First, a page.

Management and Client Assurance of Contractual Drawing Deliverables

Document type: Micro-report
Author: Pinal Patel
Publication Date: 09/07/2018

  • Abstract

    This document aims to provide insight into Crossrail’s method of processing contractual drawing deliverables received from the supply chain, ensuring a simple approach where possible to manage the extensive output from contractors during busy “Gate reviews” of the Crossrail project construction. The method of processing contractual drawings deliverables has aimed to provide the assurance that Crossrail requires that the data received is of the highest quality. By educating Contractors of our requirements, and by using a rigid procedure managed by the Crossrail CAD Data team of converting design drawings into contractual construction and as-built deliverables, Crossrail can be confident of assured and robust design data, collated and managed within their Electronic CAD Management System (ECMS) .
    The paper would be of interest to any large programme looking to manage and assure the Third party CAD data alongside the Programme CAD Data within the organisation.

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    Introduction and Industry Context

    Crossrail Limited was  set up to build the new railway that will become known as the Elizabeth line when it opens through central London in 2018. The project team  worked together to identify information requirements, including necessary drawing production, reporting components and to ensure information is available that meets the project requirements.

    As with all projects  drawings will necessarily move through various phases during the design and construction phase.  The movement from an unassured design stage onto Crossrail assured  contractual drawings for construction is an important step. This needed to be carefully managed to ensure that all the necessary assurance is in place. With over 300,000 drawings (plus 3D models), the greatest challenge for the team was  managing and processing the high drawing production efficiently and effectively to tight deadlines.

    Crossrail’s Approach to Management and Client Assurance of Contractual Drawing Deliverables

    All the CAD Documents in the programme are a progression of sequential steps or states through which CAD data must pass in order to progress from initiation to completion. Each workflow state requires a manual or automated action to be completed before progression to the next is permitted. Through this method programme assurance and other required checking processes may be enforced on data where required, before it is released to a wider audience.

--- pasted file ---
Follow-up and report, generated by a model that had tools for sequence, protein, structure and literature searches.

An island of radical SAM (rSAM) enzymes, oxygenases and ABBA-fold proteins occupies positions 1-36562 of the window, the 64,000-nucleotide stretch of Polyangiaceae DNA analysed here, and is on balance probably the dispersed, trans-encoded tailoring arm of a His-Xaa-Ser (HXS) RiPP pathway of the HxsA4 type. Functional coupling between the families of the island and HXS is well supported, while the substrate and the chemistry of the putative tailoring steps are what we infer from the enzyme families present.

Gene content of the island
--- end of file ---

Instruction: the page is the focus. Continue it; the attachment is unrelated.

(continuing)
This defines the process by which drawings are advanced from preliminary pre-contract design (P Revision) onto a post contract revision (C Revision). The post contract revisions can then be used for Contractual Issues Purposes (including Issue for Construction).

    A quick reference guide was produced to outline all the stages required and where the responsibilities lay.

    Firstly, the ECMS was configured in such a way that  only the Crossrail CAD Data team that were able to move drawings to a contractual C revision. This is only  done following a request in writing (email) to the CAD Data team accompanied by all the relevant assurance documentation. A bullet point checklist was created by the Crossrail CAD Data team and communicated  to the contractor  supply chain. This ensured consistency with the  contractor compliance. It stated:

    Before any drawings can be converted to a contractual C revision, termed Publishing, Crossrail CAD Data team requires the following:

    • eB link to the signed RIR (some emails may have the PDF or Excel sheet included as an attachment) (eB is Crossrail’s Document Management System. An RIR is a document used by contractors when submitting deliverables to Crossrail, which lists these deliverables)
    • The Crossrail ‘Project Engineer’ should sign the RIR(Register & Issue Record) as Code 1 (meaning it has been accepted by Crossrail Engineering)